Clinical and epidemiological characteristics of human parainfluenza virus infections of children in southern Taiwan

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Abstract

Background: Human parainfluenza viruses (HPIV) 1–4 had been analyzed as being one of the most frequent causes of hospitalizations for young children with respiratory tract illnesses. Methods: This retrospective study was performed from children virologically confirmed as HPIV infection through throat swab or nasopharyngeal aspirates at a tertiary care university hospital, between January 2012 and December 2014. HPIV4 was not checked and analyzed, due to not include in the commercial kit. The demographic, epidemiological, clinical presentations, diagnosis, treatment, outcomes, and laboratory data were analyzed. Results: Totally 398 cases were enrolled, including 39 (9.8%) of HPIV1, 67 (16.8%) of HPIV2, and 292 (73.4%) of HPIV3. The mean age of HPIV-infected children was 2.9 year-old, and 50.5% were among one to three year-old. A total of 56.8% HPIV3-infected children were among one to three years old, however, no HPIV2-infected children was younger than one year-old. The HPIV1-infected patients were more common to develop wheezing and diagnose as acute bronchiolitis. HPIV2-infected children were more likely to have hoarseness (23.9%), and were associated with croup (25.4%). HPIV3 was isolated from two fatal cases, with neurological underlying diseases. Conclusion: The impact caused by HPIVs infections is significant in hospitalized children. In the current study, our results contribute to the epidemiologic, clinical and laboratory information of HPIV infection in children in the important areas of respiratory tract infection that could support the development of optimization management.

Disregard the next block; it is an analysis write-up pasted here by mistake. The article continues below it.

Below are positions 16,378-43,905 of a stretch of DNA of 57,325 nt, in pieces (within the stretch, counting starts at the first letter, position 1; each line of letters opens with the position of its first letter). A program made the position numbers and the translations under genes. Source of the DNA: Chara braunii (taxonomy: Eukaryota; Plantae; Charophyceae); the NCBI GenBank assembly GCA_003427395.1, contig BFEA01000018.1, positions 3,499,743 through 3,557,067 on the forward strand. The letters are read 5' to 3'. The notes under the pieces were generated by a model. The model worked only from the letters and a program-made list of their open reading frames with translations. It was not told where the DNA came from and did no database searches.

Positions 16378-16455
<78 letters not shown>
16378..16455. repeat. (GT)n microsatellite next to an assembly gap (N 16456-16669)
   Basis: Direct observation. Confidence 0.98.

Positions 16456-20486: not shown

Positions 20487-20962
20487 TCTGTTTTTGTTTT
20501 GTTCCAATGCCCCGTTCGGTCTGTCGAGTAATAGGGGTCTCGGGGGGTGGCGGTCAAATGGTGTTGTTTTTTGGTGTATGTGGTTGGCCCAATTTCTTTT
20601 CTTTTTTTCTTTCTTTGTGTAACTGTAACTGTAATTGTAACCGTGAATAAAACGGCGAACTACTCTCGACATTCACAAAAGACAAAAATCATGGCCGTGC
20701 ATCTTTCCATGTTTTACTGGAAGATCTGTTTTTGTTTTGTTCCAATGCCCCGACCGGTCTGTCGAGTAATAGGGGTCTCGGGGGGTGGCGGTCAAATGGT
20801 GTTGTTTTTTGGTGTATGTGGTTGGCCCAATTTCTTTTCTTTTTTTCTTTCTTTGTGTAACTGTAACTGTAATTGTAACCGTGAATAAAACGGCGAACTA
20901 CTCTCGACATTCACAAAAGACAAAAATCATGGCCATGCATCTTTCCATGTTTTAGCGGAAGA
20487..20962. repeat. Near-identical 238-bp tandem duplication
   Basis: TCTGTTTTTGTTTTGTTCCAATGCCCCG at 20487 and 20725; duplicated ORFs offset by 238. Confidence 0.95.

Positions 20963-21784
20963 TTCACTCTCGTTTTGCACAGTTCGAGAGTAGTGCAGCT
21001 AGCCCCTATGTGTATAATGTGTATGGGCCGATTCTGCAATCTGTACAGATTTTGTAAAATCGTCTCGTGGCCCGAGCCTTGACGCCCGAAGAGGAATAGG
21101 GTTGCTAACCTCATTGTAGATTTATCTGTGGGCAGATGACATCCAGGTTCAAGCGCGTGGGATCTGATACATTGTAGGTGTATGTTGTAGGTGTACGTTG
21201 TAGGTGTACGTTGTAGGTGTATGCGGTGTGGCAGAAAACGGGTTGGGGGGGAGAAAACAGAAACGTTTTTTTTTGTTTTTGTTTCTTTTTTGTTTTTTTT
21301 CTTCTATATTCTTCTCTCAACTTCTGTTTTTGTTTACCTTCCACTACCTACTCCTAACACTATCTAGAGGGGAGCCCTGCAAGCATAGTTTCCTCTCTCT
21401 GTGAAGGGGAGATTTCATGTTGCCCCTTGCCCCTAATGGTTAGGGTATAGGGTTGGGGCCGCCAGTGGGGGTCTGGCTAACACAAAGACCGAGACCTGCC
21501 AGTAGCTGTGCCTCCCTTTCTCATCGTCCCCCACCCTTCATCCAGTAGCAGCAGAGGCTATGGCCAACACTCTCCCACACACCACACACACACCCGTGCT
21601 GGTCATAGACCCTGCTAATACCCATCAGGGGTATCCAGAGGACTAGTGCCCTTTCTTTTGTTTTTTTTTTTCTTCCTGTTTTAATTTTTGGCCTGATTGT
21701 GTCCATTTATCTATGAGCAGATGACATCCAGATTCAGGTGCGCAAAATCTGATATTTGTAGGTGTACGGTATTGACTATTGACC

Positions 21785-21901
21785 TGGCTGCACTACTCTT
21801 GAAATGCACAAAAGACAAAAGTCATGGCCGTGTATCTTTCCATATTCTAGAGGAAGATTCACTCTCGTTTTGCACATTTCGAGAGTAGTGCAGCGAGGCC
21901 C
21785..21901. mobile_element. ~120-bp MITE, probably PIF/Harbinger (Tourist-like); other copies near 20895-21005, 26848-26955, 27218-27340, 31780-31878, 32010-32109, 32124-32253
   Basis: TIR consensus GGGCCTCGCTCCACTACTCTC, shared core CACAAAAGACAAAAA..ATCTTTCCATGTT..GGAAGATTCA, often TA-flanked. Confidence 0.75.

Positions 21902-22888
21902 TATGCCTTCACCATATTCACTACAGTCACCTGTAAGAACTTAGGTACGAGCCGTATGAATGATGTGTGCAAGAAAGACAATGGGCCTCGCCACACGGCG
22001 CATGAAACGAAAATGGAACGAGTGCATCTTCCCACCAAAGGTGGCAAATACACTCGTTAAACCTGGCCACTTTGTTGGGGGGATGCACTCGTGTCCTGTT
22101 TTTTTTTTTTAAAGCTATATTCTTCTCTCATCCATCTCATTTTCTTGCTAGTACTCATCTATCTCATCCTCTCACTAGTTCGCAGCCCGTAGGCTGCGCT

Original languageEnglish
Pages (from-to)749-755
Number of pages7
JournalJournal of Microbiology, Immunology and Infection
Volume51
Issue number6
DOIs
Publication statusPublished - 2018 Dec

All Science Journal Classification (ASJC) codes

  • Immunology and Allergy
  • Immunology and Microbiology(all)
  • Microbiology (medical)
  • Infectious Diseases

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